You were right there, ready to give Devyn a positive experience, to be a stepping stone towards her dream. And then you kicked her out.
Because you were scared. And uneducated. And untrusting of her.
You kicked her out.
You kicked her gut. You knocked a girl down. You made her question if she can do it...because she's sick. You crippled her sense of who she is; made her wonder what all the extra work is worth if she won't be allowed to do things that other girls can do even if she is healthy. You did not empower her. Not in science. Or technology. Or engineering or math. You kicked her out.
Shame on you.
And to Devyn, keep on shining. Keep on taking care of yourself and studying and being a positive young lady. You will reach your goal. You will make them sorry they missed out on the opportunity to have a girl who LIVES science and technology in their camp. Stay active and take your medication. Because with or without the AAUW, you, Devyn, kick butt!

Monday, July 7, 2014

Vacation

I'm on vacation and it feels so good. We're one block from the bay and two blocks from the beach. The weather is delightful. We're in a "No shirt, no shoes, no problem" kind of town. I'm writing this, only two days into our trip, so that I don't forget by the end of the week, when patience is low because exhaustion levels are high, just how good it felt, if but for a few days, to be on vacation.
Technically speaking, we will be "on vacation" for a whole month. We're not returning to Cincinnati until early August. We've started our trip in Stone Harbor at the beach for a week. Next we will head to Philadelphia, with a sidebar trip to Hershey, where I have a date with a good girlfriend and the Spa at the Hershey Hotel. We will wrap up our month-long vacation extravaganza in southeastern Connecticut before heading back to the midwest early next month, hopefully refreshed.
The lead up to this trip was a bit hectic. We needed new swimsuits and towels, sunscreen and water shoes. Medications needed to be ordered and shipped to arrive at the right place at the right time. I needed to coordinate schedules and hold the mail and pack a lot of stuff. So far, I'd say it's been worth it.
I've taken each kid for a walk, alone. I honestly don't think I've done that since my 6yr old was my only baby, and that was for a mere 18mo. We walked and talked, holding hands and making plans. We discussed favorite parts of our trip, which range from watching Frozen in the car to playing in the ocean with Pop Pop. They've each picked out a new hat and bough a little treat. I'm seeing how different they are individually than when they are together. I wish I had more time to dedicate to this. Often when I have an errand to run in the evening or on the weekend, I grab one kid to take along. This time we are spending together at the beach is different, because we've nowhere to be but here. We're just walking, exploring the island, and I love it.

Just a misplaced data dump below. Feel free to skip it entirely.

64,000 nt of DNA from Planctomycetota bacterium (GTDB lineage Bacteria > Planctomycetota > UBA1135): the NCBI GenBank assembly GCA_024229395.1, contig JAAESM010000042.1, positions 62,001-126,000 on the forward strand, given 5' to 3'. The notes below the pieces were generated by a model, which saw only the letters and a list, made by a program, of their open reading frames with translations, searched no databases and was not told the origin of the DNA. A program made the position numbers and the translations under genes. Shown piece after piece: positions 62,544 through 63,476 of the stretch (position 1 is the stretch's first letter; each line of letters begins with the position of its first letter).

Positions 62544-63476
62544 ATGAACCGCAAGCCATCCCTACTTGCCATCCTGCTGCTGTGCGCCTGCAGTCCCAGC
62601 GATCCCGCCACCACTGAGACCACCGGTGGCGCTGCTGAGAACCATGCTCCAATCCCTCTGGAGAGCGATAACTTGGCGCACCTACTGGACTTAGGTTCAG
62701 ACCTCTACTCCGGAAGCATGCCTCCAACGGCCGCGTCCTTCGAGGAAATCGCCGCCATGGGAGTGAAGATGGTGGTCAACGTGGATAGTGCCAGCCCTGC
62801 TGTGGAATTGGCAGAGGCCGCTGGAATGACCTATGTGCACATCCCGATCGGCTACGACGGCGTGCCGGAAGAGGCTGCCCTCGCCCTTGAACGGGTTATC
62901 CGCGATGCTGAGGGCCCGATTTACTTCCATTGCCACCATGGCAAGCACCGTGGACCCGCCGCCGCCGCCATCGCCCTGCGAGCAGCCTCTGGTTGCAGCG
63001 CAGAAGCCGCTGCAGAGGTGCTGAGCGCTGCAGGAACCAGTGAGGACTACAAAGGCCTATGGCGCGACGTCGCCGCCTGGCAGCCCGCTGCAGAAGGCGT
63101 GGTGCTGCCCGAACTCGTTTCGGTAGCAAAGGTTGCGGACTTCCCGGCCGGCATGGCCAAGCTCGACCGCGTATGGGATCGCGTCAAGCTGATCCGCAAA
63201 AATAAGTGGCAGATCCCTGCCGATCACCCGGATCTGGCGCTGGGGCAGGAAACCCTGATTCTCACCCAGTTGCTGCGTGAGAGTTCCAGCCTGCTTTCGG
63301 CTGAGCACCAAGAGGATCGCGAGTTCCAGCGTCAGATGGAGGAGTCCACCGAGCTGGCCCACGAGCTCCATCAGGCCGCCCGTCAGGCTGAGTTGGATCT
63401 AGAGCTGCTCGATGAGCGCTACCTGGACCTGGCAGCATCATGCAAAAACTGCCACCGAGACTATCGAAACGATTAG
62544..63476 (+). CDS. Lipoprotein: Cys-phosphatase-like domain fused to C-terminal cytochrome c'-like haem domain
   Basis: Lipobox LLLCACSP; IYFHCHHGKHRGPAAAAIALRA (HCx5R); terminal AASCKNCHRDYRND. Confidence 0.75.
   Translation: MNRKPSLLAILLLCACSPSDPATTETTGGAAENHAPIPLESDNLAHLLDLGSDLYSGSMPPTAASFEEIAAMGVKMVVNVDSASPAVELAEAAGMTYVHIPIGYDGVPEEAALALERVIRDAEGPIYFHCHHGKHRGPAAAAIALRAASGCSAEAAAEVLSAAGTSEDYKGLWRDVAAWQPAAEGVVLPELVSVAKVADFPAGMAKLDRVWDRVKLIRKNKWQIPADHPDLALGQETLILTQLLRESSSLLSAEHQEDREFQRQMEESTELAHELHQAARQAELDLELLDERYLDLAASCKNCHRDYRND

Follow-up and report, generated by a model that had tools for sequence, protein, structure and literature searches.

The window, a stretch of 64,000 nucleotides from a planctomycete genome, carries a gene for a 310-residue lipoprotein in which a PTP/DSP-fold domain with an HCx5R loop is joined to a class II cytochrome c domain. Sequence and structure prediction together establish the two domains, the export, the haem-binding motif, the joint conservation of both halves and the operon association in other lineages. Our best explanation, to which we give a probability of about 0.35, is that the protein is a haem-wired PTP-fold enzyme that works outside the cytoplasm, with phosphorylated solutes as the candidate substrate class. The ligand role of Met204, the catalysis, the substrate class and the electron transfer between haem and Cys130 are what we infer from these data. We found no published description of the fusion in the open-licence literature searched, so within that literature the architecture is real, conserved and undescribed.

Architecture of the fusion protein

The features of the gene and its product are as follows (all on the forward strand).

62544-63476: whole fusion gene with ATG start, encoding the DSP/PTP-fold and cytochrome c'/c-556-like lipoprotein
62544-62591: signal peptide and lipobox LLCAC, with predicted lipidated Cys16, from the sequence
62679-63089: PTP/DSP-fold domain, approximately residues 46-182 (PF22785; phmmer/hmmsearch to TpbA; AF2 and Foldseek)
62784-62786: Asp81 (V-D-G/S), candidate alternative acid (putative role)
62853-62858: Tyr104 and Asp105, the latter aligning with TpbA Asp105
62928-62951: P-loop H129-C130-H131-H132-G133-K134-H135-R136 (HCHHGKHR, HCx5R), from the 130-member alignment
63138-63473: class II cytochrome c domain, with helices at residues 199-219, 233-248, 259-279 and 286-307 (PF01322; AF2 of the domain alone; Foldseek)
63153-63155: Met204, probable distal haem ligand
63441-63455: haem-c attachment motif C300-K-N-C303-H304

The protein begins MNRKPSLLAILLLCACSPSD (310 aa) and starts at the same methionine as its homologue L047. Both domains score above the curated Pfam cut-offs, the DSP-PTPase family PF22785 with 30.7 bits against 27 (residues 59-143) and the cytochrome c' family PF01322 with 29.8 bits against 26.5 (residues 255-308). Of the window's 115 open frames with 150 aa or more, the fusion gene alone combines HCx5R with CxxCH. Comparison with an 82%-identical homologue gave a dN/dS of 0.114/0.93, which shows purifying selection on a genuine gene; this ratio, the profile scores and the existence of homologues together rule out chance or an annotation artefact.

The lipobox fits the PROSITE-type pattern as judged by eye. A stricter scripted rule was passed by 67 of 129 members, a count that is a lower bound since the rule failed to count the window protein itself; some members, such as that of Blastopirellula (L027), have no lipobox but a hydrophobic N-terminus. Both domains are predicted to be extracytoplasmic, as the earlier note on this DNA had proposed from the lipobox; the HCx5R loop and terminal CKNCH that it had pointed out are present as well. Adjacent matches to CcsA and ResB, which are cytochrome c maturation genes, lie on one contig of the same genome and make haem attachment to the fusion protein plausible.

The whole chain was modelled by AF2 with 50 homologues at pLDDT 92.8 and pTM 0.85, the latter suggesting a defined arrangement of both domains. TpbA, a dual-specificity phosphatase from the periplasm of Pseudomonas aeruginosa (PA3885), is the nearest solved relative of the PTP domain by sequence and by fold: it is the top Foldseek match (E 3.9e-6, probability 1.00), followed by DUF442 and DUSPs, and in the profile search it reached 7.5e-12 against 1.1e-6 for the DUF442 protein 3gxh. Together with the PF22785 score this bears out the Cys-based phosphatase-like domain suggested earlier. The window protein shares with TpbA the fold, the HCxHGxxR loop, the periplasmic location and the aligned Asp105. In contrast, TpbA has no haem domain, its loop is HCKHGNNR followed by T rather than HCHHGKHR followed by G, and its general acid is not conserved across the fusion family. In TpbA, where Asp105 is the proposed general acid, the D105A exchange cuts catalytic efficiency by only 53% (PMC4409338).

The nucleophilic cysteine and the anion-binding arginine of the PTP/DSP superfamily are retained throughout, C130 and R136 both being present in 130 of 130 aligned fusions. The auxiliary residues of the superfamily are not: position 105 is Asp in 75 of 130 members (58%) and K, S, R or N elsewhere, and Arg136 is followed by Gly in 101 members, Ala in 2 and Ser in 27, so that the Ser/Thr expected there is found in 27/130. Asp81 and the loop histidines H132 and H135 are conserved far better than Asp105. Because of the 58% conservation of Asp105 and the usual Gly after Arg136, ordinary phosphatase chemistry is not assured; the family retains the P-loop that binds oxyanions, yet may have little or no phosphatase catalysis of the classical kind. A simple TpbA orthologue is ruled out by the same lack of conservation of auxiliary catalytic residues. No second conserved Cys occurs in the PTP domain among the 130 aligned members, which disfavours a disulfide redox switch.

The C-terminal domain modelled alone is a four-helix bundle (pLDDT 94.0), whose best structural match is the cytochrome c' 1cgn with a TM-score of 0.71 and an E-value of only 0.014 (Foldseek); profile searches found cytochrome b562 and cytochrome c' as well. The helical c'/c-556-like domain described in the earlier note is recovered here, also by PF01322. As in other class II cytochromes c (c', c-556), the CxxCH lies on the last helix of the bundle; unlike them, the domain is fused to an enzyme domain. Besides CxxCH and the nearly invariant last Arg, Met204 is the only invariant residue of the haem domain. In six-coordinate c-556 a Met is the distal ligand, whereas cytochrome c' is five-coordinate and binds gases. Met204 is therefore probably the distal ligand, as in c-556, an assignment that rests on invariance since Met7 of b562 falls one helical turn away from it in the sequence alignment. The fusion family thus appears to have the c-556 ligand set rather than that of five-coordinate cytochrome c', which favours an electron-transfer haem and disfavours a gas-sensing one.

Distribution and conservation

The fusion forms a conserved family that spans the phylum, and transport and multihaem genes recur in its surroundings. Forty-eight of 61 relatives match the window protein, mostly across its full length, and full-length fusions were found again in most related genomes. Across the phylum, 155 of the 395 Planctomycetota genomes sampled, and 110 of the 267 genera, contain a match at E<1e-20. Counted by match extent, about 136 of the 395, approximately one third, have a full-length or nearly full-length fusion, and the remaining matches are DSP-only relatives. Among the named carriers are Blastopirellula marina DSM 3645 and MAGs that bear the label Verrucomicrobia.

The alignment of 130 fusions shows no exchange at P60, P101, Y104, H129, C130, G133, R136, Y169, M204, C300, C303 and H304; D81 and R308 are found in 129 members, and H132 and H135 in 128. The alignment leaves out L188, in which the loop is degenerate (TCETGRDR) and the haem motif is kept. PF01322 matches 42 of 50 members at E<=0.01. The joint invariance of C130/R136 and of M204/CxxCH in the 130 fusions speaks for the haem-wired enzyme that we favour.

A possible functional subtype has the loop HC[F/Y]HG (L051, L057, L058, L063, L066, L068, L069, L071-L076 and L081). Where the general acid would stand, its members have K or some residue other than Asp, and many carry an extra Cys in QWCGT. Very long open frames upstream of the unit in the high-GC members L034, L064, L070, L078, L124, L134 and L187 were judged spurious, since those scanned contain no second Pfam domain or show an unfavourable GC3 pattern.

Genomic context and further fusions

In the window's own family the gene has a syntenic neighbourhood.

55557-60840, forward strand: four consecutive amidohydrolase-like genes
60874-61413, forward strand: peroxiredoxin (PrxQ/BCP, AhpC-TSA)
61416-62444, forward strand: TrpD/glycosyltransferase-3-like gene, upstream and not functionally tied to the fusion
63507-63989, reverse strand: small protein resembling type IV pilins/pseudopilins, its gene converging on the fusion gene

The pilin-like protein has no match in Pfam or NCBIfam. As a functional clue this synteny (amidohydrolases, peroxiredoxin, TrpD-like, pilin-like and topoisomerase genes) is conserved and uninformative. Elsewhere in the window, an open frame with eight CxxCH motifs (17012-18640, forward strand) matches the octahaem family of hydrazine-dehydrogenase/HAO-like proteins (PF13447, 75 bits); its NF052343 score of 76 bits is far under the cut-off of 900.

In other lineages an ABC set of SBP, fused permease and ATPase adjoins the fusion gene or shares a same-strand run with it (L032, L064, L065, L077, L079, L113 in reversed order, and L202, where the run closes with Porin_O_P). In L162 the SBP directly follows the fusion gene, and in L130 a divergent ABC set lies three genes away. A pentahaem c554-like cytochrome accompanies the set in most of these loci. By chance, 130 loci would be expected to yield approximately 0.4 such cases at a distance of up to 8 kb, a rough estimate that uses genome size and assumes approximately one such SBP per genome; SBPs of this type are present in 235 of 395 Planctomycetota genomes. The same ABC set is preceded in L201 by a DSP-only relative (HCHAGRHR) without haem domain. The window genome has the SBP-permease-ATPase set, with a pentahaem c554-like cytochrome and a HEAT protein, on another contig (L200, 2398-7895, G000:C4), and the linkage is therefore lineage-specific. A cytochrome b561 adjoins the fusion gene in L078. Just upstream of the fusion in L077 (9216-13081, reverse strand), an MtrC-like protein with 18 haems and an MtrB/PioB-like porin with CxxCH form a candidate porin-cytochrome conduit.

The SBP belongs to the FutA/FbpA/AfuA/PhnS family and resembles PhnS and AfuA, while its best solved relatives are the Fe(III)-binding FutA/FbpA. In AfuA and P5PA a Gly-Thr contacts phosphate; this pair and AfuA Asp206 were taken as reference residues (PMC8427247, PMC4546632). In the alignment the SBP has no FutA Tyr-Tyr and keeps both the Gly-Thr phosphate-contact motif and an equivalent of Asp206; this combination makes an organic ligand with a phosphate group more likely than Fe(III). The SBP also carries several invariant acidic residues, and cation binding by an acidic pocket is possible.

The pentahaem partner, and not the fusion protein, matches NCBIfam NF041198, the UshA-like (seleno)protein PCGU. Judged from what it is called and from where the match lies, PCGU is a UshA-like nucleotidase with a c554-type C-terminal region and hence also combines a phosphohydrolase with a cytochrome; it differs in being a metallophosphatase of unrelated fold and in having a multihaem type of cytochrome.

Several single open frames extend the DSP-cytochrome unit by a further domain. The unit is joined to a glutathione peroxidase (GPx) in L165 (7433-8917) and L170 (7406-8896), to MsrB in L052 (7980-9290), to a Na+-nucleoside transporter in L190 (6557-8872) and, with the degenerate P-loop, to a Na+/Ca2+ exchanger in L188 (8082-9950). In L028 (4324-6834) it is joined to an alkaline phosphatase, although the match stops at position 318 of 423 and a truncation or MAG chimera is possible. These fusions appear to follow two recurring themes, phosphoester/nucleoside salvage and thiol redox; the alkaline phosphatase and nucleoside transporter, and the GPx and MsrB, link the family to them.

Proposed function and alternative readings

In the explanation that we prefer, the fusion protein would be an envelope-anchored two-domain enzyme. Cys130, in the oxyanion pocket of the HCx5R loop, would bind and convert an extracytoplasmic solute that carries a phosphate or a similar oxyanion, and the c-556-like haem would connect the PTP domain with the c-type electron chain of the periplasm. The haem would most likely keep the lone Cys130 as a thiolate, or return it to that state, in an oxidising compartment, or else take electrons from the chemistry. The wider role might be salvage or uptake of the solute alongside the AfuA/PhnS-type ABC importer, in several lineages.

I'm sure that by the end of July we will be ready for our own beds and our regular routine. There's something settling about falling back into your routine. There's also something real nice about being able to break out of it for a while. Cheers to vacation.

Thursday, June 19, 2014

An update on health and life

Drew had a clinic check up yesterday and I'm happy to report a clean bill of health. He has gained both pounds and inches, which has moved his BMI down to 61%, but it is still above 50th which is the CFF's healthy measure guideline. We hadn't done a culture in a while, mostly because his health has been good and also because we know what bacteria he is growing. I always wonder if something new might be there causing silent harm that we're unaware of, but knowing that an exacerbation is typically the culprit in lung damage and having not experienced that anytime too recently, we've forgone the test. It's a simple test, not unlike a strep throat swab, but the anxiety that accompanies it - the waiting and wondering and worrying, knowing that it's better to know while trying to embrace the bliss that is ignorance - that is the tough part. Drew doesn't even mind the test anymore, happily opening wide while I stick the swab down far enough to induce a cough without triggering a gag. I do the test at home for a couple of reasons. First, I'm perfectly equip to do it. Second, if we do it a week before our clinic visit, then we have the results to discuss when we go in for the checkup, versus having it done at the visit and then waiting for the doctor or nurse to call to discuss the results, catching me at the most inopportune times, like at the grocery store or while giving baths (both have happened).
Yesterday my husband took Drew to his appointment as I was out of town at a conference. The culture report wasn't final at the time that he was there, but it wasn't showing achromobacter, our nemesis and the bacteria that's been rotting his airways for the past year and a half. There was mild H.flu and normal oral flora, but no achromobacter. I knew that it would show up on the final report because it always does, but a little bit of me hoped that it wouldn't. The final report came through today and it did show mild achromobacter. Drat. I mean I knew, but I'd hoped. Such is life. Otherwise he is well and we are happy.
Work continues to move right along with the C3N work. We have patients in the CF Clinic in Cincinnati testing out the Orchestra platform  for self tracking and better communication between visits. We are meeting with the Telehealth Department next week to organize what we anticipate will turn into a pilot, allowing patients to participate in *some* clinic visits remotely. It's truly remarkable what we can do these days!
In other news, it looks like I will be speaking at the very conference where I was told just two years ago that the reason patients aren't invited is because they can be a distraction. The request that I received was in response to an abstract that I submitted called "THE VALUE OF PATIENT PARTNERSHIP IN IMPROVING HEALTH AND CARE IN CYSTIC FIBROSIS" and to quote the request, "We really think it is phenomenally important to hear from parents/patient pov." Yes, sir, it is.
The summer days have been both long and good to us. We are heading out east in a few weeks for a whole month! Our tour begins with a week in Stone Harbor, NJ followed by two weeks in the greater Philadelphia area before heading north to southeastern Connecticut to round out the month. Here's hoping we don't repeat our visits to CHOP in 2013 and 2012!
More news as it breaks!